But in Manizales, which is a smaller and more conservative city, bullfights are a big part of the local culture. And fans from all over Colombia visit the town in January for its annual bullfighting festival. This year, it featured some of the top matadors from Spain, France, Colombia and Peru.

For some of the fans at the festival, efforts to ban this tradition are an attack on their individual freedoms, and an effort by Colombia’s national government to impose its will on the nation’s provinces.

“You have to respect peoples’ traditions,” said Gustavo Mejia, who drove from the nearby city of Pereira to watch the bullfights. “Today, they want to sacrifice bullfighting. Next, they’ll go after our traditional foods!”

Animal rights activists joined a parade that takes place on the same week as the bullfights in Manizales, Colombia.

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Manuel Rueda/The World

But opposition to bullfights has also grown in Manizales.

John Heymar Yepes, an animal rights activist and former member of the city council, said that over the past decade, local politicians have voted to strip bullfights of tax exemptions, and also shut down a bullfighting ring at a local army base.

He was at a parade in Manizales that is held the same week as the bullfights, and mostly features marching bands, dance troupes and beauty queens. But the animal rights activists were also allowed to participate.

As the group of two dozen activists walked down the city’s main avenue with their anti-bullfighting posters, some spectators heckled them. But others applauded them and took selfies with the group’s mascot, a man dressed as a smiling bull.

“I think what they do with the bulls is terrible,” parade-goer Maria Clemencia Rodriguez said. “They injure them before killing them.”

Supporters of bullfights say that the animals they use are bred precisely for the purpose of fighting in arenas. And that they spend their lives in free range pastures, where they’re better off than millions of cows that are used for beef.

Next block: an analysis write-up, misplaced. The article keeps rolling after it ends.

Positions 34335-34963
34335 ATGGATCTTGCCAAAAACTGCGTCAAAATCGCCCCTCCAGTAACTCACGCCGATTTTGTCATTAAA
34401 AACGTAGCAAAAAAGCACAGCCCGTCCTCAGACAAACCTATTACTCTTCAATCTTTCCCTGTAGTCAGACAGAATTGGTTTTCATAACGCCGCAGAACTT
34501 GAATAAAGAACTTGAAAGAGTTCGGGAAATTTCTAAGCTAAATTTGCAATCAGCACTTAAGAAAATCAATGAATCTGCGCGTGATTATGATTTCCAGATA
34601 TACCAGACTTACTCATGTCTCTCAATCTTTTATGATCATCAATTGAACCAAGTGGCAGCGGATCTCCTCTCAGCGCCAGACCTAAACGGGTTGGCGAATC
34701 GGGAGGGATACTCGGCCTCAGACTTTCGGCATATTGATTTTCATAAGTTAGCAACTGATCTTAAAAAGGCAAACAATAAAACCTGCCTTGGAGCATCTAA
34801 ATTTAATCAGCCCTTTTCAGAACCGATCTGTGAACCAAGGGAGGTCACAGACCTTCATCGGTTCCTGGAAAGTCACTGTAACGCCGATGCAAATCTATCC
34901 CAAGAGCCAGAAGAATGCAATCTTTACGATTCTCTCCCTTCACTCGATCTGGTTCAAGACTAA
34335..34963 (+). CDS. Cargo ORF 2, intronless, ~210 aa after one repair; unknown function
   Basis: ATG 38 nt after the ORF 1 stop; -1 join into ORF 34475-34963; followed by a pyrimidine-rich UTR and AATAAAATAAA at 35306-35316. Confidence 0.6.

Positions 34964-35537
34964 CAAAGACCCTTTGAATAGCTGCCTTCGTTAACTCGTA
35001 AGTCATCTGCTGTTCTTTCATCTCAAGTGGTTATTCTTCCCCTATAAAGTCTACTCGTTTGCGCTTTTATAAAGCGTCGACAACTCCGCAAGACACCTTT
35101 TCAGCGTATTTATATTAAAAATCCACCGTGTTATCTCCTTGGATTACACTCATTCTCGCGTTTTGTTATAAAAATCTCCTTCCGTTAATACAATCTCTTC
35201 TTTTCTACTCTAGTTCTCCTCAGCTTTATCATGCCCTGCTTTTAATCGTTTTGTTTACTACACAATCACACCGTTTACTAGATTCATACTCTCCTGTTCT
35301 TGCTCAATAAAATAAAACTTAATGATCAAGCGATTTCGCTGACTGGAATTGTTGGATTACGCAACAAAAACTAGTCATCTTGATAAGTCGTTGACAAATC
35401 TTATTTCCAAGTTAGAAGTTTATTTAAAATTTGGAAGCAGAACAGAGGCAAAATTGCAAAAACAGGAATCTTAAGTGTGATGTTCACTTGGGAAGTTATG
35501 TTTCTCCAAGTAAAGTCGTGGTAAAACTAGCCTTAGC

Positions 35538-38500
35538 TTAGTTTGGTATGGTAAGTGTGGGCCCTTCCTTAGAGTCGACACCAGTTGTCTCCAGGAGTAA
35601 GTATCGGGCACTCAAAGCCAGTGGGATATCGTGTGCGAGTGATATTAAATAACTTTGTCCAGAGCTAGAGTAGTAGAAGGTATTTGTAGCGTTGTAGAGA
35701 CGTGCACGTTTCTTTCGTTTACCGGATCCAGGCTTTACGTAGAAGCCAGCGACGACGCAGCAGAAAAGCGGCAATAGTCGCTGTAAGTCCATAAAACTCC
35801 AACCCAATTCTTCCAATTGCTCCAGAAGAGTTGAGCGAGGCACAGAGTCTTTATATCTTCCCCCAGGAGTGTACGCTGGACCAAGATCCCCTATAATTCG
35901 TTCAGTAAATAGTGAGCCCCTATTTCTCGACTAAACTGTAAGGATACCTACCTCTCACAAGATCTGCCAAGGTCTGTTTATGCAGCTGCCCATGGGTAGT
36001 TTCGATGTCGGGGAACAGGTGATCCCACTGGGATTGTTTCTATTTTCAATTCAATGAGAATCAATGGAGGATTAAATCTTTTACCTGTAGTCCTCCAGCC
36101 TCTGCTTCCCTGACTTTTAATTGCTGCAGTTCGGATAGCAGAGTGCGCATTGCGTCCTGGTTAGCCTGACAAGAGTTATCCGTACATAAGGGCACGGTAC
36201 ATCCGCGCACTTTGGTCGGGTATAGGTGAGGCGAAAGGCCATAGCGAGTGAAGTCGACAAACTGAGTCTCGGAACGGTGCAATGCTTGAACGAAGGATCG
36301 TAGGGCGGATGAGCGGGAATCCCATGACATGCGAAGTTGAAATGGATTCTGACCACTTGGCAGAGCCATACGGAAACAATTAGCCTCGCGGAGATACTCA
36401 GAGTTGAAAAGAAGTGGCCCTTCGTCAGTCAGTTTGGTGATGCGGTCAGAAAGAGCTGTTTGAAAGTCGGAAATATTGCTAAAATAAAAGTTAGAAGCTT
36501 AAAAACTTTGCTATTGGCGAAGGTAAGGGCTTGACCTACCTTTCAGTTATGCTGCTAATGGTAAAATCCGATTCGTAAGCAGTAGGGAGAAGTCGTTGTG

“We’re not forcing people to watch bullfights,” season ticket-holder Luz Marina Salazar said. “We just want our freedoms and our traditions to be respected.”

In Manizales, bullfighting also attracts thousands of tourists who spend money on hotels and restaurants. The local chapter of the Red Cross owns the bullfighting ring. And profits from January’s bullfighting festival are donated to the local children’s hospital.

Thousands of tourists visit Manizales, Colombia, each year to watch its bullfighting festival, and spend money in hotels and shops.

Credit:

Manuel Rueda/The World

Sergio Alzate, 22, has been a student at the local bullfighting school since he was 17. He’s already killed a 700-pound bull, and said that a bullfighting ban would jeopardize his future as a matador.

“This is a difficult time for us,” he said. “But it’s the perfect time to show that we are united and to fight against politicians who are only opposing us because they want to get votes.”

The next few months will be decisive for young bullfighters and animal rights activists in Colombia alike. This tradition may not be as popular as it was decades ago, but its dedicated fans and promoters say that they will defend it until their last breath.

Related: Bullfighting has reached a crisis point in Spain